No, not at this stage. I think it’s just more waiting for people to get back to me. But research wise, most of the content, like it’s so easy the digital age these days with Instagram and Pinterest youve got everything at your fingertips. With the pandemic I can, you know zoom suppliers or FaceTime them or any of those sort of things. So it’s definitely been a lot easier. I’m sure it’s a lot easier than when you plan your wedding Having to, you don’t feel so stressed because you can see physically what their work is.

Marcus (15:55):

I mean, when did research we used to have to ring up venues and then they’d send us something in the mail, there was no internet and they’d send you an album of photos that they’ve done at this venue and the price list. With the research and, and finding supplies and all that, it can be very stressful. And you know, one of the key things we find from weddings and any events and clients that we deal with is that you’ve got to have trust in those suppliers,.

Emma (16:29):

100% if you dont trust them then on the day your worrying that if they’re going to show up or not, are they going to do what they said they’re going to do? So finding suppliers, no matter whether it’s photographer or cake people or florist or whatever, you want to feel comfortable. You want to have a connection with those people so you can feel like they’re not gonna let you down more if you, if you don’t connect with them and it’s all about price, then you potentially can run into issues.

Emma (16:55):

It’s not all about price. It’s price comes down to it and in a degree, but it’s not my top one priority. Like it’s always in the back of your mind, but it’s like if I love someone and I click through them so well, I’d probably pay the extra $2,000 and just, you know, call it a day.

Emma (17:08):

That’s right. If you’ve seen, say it’s a photographer, and they’ve been really awesome to deal with and I just thought they’re just so easy. It made it seem so stress-free for me , you will pay extra for that course.

Marcus (17:20):

So we’ve covered the guest lists. You’re all sorted in that. You’ve worked out roughly how many you want to come , you’re in the research path ,so you’re heading down that way and you’ve sort of got a budget at this point, so you’re on the way there. Hopefully you’ll be able to nut out the budget, I guess when you’ve sort of finalized some of the suppliers and stuff, waiting for the quotes to come back.

Emma (17:43):

I think that’s when I will do up my firm budget. But I’m doing the thing that I tell everyone not to do and thats do a firm budget and I haven’t done a firm budget .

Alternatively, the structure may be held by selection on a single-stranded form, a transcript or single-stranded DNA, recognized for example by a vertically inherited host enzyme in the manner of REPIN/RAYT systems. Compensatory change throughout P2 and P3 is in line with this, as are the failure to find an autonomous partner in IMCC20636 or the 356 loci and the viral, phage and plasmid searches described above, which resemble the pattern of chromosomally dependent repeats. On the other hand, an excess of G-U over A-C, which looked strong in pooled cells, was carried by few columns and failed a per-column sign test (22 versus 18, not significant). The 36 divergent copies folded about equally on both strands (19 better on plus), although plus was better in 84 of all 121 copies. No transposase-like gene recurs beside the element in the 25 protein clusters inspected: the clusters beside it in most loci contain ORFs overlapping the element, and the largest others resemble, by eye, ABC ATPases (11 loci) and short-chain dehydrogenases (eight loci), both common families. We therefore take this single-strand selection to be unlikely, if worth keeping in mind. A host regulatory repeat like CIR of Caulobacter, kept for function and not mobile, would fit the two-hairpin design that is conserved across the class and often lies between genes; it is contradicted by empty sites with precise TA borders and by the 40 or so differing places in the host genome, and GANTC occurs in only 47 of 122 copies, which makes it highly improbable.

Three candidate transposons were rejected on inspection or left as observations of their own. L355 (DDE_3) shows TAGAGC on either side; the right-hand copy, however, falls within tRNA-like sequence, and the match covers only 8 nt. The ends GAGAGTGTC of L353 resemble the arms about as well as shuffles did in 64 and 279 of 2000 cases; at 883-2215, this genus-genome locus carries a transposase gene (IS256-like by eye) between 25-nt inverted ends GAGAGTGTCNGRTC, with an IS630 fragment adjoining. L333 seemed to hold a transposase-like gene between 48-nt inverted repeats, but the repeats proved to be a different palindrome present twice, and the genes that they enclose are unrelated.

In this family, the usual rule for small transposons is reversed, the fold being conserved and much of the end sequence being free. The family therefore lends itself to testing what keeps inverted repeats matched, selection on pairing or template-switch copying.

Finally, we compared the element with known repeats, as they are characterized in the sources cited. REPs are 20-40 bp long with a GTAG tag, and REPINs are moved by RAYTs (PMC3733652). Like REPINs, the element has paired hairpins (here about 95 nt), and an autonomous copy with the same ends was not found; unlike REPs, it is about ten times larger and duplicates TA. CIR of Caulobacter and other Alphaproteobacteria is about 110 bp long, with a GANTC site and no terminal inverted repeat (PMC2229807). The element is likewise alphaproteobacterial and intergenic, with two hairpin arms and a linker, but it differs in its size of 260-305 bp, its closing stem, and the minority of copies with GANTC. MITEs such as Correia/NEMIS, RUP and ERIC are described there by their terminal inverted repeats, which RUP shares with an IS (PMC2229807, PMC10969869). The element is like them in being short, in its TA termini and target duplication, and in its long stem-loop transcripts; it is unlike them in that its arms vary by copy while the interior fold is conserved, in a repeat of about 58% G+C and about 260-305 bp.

Marcus (17:49):

If you’re paying for the wedding yourself, which a lot of couples do these days obviously makes a difference on how much you spend. We know the average spend for a wedding is around the $50,000. It’s getting high now, so that’s a lot of money. So you really want it to be a good fun time.

Emma (18:04):

Well thats a house deposit , you want to make sure you have a good night.

Marcus (18:07):

So you really want it to be good for all the right reasons so it’s a, it is a big decision. If you’re lucky enough to have parents or other family put in money, then that’s great. But it’s tough to work out their budget. But I guess from what you’re saying, research, research, research to find out what supplies you want.

Emma (18:26):

I think do that first before you really work out your budget. Because I think some people they do, they just have unrealistic ideas on how much things cost. And then I think they fall in love with a look and then they can’t go backwards and then they’re, then they’re becoming stressed because they can’t afford what they want. And I think that, you know, I will go over my budget a little bit and I’d be happy to spend a couple extra thousand dollars because if it’s going to be worth it, it’ll be worth it. But not tens of thousands I think, you know, don’t stretch yourself to the point where you can’t leave. You’re going to be eating rations for the next eight years.

Marcus (18:56):

It’s not worth it eating wedding cake for three months afterwards because you can’t afford the wedding. Well thanks Emma it’s been great talking about budget and research and stay tuned and we’ll be discussing more suppliers and everything tog to do with wedding planning in our next podcast. Thanks for listening. Thanks.